Tintin was also an explorer, a fact that led to his most memorable achievement — taking the first steps on the moon, some 16 years before the American astronaut Neil Armstrong.
For any child growing up amid the political and cultural changes of the twentieth century, Tintin was a role model who both inspired and delighted. Hergé drew upon the political events of the time and dedicated his life to creating adventures that transported readers to places around the world — from Japanese-occupied China in The Blue Lotus to the Arctic Ocean in The Shooting Star.
Throughout his career, Hergé strove to bring as much of the real world as he could into the world of Tintin. Although Tintin travelled around the world, Hergé stayed in Belgium for most of his life. In his later years, the artist and author managed to make trips to several countries and see first-hand the places that had inspired Tintin’s adventures.
Hergé’s career as a cartoonist was successful from the start, but it had one major hurdle. It came after the Second World War, after the end of German occupation when he was accused of being a collaborator because of the Nazi control of the paper (Le Soir),that he had been writing for. He claimed that he was simply doing a job under the occupation, like a plumber or carpenter, without any political sympathies.
But he admitted later that: “I recognize that I myself believed that the future of the West could depend on the New Order…In light of everything which has happened, it is of course a huge error…” Tintin, however was never depicted as being pro-German but the comic had hints of anti-Semitic themes that angered quite a few people.
Le Soir was shut down by the allied authorities and Tintin’s adventures were interrupted toward the end of The Seven Crystal Balls. During the chaotic post-occupation period, Hergé was arrested four times and he was publicly accused of Nasi and Rexist sympathies. Like other former employees of the Nazi-controlled press, Hergé found himself barred from newspaper work in post-war Belgium. He spent the next two years adapting many of the early Tintin adventures into colour.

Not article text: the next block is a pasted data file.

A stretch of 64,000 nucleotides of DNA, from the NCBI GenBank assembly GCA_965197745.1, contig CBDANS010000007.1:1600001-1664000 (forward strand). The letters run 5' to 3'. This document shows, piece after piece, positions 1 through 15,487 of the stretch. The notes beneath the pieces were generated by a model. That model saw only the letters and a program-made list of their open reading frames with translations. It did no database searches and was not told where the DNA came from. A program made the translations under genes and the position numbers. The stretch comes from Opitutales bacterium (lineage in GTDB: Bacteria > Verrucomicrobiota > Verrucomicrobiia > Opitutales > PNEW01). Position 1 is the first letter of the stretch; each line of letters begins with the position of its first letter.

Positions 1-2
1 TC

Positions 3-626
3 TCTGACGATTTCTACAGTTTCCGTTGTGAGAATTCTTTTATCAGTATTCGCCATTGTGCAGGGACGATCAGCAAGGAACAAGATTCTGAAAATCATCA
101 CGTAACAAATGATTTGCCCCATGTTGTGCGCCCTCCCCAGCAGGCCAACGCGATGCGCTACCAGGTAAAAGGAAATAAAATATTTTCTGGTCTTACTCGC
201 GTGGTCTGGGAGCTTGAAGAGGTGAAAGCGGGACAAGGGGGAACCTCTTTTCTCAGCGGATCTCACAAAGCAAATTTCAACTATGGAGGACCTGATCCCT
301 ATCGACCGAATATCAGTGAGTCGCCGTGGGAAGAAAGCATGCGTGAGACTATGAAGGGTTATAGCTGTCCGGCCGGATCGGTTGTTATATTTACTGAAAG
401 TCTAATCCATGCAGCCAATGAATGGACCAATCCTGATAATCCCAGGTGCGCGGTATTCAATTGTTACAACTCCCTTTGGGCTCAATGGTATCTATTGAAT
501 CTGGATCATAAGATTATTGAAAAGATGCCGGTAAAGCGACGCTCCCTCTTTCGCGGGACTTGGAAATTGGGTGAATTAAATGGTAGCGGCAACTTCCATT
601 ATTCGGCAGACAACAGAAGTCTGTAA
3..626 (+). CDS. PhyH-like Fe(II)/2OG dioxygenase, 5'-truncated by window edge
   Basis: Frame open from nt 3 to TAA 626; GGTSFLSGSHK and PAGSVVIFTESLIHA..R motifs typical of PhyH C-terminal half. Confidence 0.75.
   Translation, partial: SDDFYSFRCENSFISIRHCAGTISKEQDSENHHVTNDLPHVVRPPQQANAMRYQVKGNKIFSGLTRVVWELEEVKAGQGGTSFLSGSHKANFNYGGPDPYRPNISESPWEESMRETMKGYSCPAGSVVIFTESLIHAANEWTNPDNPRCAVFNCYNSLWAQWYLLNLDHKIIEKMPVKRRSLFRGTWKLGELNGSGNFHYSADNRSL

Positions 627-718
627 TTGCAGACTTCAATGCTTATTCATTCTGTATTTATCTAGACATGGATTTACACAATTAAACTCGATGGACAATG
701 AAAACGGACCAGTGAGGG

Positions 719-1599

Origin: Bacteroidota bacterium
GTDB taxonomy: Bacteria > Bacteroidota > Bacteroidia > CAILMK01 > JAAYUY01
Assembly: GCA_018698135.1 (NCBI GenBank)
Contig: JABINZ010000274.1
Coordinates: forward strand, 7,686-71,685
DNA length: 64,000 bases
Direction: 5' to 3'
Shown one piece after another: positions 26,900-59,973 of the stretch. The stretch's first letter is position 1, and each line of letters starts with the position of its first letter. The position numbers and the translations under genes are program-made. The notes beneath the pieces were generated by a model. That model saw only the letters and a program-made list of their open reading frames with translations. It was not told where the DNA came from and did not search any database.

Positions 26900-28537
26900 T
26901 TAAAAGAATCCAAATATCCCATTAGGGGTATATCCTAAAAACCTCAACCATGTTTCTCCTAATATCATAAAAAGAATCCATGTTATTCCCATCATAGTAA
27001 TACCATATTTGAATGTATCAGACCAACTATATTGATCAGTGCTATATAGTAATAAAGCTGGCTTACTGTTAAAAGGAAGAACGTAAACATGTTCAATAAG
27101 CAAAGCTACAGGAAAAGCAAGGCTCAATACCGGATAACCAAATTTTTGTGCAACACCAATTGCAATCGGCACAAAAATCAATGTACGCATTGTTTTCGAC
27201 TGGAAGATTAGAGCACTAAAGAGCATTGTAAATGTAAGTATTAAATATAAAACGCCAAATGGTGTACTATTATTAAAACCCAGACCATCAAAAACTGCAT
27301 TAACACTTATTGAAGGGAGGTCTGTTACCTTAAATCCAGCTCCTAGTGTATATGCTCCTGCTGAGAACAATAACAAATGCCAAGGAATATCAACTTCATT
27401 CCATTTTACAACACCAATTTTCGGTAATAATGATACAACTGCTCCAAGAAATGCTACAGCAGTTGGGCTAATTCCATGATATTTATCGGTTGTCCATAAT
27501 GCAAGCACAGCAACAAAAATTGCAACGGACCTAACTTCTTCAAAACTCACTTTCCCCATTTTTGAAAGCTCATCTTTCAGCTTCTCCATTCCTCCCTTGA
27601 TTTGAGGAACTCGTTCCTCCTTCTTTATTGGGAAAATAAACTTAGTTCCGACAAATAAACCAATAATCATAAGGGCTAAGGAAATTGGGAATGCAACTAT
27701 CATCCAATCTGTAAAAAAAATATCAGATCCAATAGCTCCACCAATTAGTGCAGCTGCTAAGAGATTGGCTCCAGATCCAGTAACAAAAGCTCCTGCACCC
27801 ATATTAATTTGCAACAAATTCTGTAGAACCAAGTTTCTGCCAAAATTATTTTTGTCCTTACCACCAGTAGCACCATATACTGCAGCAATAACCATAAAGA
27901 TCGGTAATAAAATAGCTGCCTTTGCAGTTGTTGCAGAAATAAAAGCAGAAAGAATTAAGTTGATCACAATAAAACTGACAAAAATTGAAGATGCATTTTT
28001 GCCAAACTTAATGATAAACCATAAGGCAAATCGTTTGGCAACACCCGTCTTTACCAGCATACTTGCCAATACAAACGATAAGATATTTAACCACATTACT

Tintin’s exile ended on 26 September 1946. The publisher and wartime resistance fighter Raymond Leblanc provided the financial support and anti-Nazi credentials to launch Tintin the magazine with Hergé. It was a weekly publication that featured two pages of Tintin’s adventures, beginning with the remainder of The Seven Crystal Balls as well as other comic strips and assorted articles. It became highly successful, and weekly circulation surpassed 100,000 at one time.
Since then Tintin’s adventures continued uninterrupted until Hergé’s death in 1983. Tintin has been translated into over a hundred languages. In German he is called Tim, in Turkish he is called Tenten and in Latin he is known as Titinus. To celebrate Hergé’s seventy-fifth birthday, the Société Belge d’Astronomie gave his name to a newly discovered asteroid. The asteroid Hergé is located between Mars and Jupiter.